Format Wars

Episode I: VHS vs. Betamax

Before there was Blu-ray, there were DVDs and VHS. How did these standards become the widely accepted standard? VHS's rise to prominence goes back almost forty years.

Home media was a brand-new concept in 1975 when Sony developed its Betamax cassette tapes. These were the successor to the first widespread videocassette   the composite U-matic system. Sony intended Betamax to be a sole standard for all home media, just like U-matic had been.

However, JVC had different plans. The company wasn't happy that Sony was dominating the emerging home-entertainment market and decided to develop its own videocassette standard. Thus, VHS was born in 1976.

While VHS and Betamax were similar concepts (JVC and Sony had originally collaborated on a unified standard but the results never made it off the drawing board), they were different enough that VHS tapes would not work in Betamax machines and vice versa. This set the stage for one of these cassette types to ultimately rise to enjoy decades of widespread use while the other fell into obscurity.

Betamax was first on the scene and was technically superior in many ways. It featured a higher resolution picture and lower video noise than VHS. However, VHS cassettes offered two-hour play times, which was critical because they could accommodate most movie releases for home media.

Betamax was also more expensive, and JVC licensed its VHS technology to many other consumer-electronics companies. Therefore, VHS was abundantly available and less expensive than Betamax was. With quality on one side and abundance on the other, the tech world divided into two separate camps.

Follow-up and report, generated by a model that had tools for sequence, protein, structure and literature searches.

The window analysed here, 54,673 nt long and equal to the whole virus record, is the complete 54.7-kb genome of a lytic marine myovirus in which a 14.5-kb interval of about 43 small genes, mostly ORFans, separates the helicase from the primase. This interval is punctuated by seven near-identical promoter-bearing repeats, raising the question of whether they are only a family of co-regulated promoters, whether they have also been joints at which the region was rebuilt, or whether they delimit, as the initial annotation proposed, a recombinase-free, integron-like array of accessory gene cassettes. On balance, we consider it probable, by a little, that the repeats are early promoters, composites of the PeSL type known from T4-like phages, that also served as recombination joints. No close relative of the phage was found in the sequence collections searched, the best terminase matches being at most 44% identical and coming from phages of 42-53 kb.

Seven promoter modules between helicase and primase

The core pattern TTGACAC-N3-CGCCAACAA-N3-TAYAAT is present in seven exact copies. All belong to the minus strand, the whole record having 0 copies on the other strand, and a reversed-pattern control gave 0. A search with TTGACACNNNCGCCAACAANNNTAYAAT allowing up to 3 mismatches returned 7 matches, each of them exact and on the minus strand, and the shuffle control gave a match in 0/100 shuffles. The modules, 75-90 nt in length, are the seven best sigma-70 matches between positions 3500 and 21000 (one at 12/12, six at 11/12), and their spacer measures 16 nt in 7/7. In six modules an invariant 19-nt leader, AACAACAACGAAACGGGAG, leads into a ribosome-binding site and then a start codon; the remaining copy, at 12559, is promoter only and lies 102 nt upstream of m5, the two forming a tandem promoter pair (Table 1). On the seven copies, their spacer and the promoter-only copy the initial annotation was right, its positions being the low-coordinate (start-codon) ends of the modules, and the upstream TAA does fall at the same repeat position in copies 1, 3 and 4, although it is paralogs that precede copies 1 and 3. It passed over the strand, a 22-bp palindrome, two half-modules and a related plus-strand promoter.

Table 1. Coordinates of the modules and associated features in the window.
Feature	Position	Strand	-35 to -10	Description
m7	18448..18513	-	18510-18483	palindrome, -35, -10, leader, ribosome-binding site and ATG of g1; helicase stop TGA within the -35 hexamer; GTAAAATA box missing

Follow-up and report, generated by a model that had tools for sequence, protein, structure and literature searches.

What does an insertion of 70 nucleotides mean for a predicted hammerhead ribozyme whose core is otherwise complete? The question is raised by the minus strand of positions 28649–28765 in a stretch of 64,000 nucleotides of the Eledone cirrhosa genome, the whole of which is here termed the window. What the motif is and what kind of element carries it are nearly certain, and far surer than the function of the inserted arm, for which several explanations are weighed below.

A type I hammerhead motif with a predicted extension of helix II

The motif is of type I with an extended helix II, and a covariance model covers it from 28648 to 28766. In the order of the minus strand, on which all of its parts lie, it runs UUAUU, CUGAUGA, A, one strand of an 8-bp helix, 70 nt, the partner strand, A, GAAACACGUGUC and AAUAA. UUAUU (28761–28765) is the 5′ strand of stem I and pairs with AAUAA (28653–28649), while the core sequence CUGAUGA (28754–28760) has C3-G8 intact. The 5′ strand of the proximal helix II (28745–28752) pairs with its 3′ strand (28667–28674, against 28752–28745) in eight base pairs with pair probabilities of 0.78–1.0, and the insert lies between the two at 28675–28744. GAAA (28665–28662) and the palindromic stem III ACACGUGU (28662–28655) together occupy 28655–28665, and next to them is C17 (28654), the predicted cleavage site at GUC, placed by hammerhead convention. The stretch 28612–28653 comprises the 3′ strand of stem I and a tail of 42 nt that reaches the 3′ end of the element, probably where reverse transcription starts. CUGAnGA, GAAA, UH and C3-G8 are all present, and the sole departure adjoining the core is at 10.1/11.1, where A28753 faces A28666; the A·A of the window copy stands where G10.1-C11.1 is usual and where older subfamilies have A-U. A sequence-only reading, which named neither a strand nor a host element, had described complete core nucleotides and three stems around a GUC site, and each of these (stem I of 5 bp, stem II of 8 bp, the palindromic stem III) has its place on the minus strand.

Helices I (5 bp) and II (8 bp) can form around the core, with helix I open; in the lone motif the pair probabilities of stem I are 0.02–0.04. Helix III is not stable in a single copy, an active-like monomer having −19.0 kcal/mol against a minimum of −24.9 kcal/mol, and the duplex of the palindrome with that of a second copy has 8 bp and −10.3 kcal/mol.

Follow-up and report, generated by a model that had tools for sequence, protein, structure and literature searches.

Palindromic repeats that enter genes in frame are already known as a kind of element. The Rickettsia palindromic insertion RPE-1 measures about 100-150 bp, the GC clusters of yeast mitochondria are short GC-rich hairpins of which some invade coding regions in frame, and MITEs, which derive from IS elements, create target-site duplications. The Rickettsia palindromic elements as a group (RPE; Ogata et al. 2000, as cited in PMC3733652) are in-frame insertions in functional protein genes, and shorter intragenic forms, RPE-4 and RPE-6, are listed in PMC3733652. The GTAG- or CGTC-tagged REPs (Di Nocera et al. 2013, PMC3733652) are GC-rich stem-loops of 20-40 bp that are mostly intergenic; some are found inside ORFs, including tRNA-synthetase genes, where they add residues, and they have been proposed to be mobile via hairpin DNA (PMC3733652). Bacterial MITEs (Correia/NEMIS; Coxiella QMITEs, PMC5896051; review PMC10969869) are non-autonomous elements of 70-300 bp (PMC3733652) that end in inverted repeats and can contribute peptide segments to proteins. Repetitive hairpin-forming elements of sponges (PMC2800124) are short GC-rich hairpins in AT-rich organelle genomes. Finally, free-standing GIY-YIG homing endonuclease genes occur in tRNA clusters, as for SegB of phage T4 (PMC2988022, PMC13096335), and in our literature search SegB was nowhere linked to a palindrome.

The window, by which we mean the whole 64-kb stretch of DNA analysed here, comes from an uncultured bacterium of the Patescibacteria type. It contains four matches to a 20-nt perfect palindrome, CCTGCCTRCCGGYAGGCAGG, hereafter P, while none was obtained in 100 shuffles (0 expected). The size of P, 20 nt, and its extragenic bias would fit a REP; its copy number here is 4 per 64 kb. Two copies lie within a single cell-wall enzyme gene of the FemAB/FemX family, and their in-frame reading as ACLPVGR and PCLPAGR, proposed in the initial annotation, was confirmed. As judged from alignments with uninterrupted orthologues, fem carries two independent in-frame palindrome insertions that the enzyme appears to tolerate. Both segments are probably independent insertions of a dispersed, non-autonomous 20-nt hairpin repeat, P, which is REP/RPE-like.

In the Betamax corner were tech giants Sanyo, Pioneer, Toshiba, NEC and, of course, Sony. The VHS corner consisted of its creator, JVC, as well as Hitachi, Sharp, Mitsubishi and Akai. The battle for videocassette supremacy had many facets   technological, political and otherwise. However, in the end, it all came down to marketing.

Sony rightly believed it had a superior product. However, the company erred in believing that quality alone would sell its product. Betamax was expensive to produce and Sony put a high margin on the product in order to make a profit. Furthermore, Betamax was a proprietary standard, which means that no other company could produce Betamax videocassettes.

While JVC developed VHS as its standard, the company allowed other companies to make their own versions of VHS tapes. Therefore, multiple companies were making their own cassette tapes and players, which were all compatible with each other. This transformed VHS into a de facto open standard. Marketing VHS's compatibility and choice eventually led to its ultimate victory in this format war.

By 1978, only two years after the launch of VHS, it was clear that it had become the accepted favorite of the market. For the next few years, Betamax was kept alive by an increasingly small number of loyal videophiles who appreciated its superior quality. However, it never gained full acceptance among the public. By 1988, VHS controlled 95 percent of the videocassette market. Sony admitted defeat and began producing its own brand of VHS tapes.

Many tech scholars view the VHS vs. Betamax battle as a template for format wars to come. The most recent and well known is the high-definition format war between HD DVD and Blu-ray Discs. Interestingly, Sony played a role in the outcome of that war by installing a Blu-ray player in its popular PlayStation gaming console, although that's another story.

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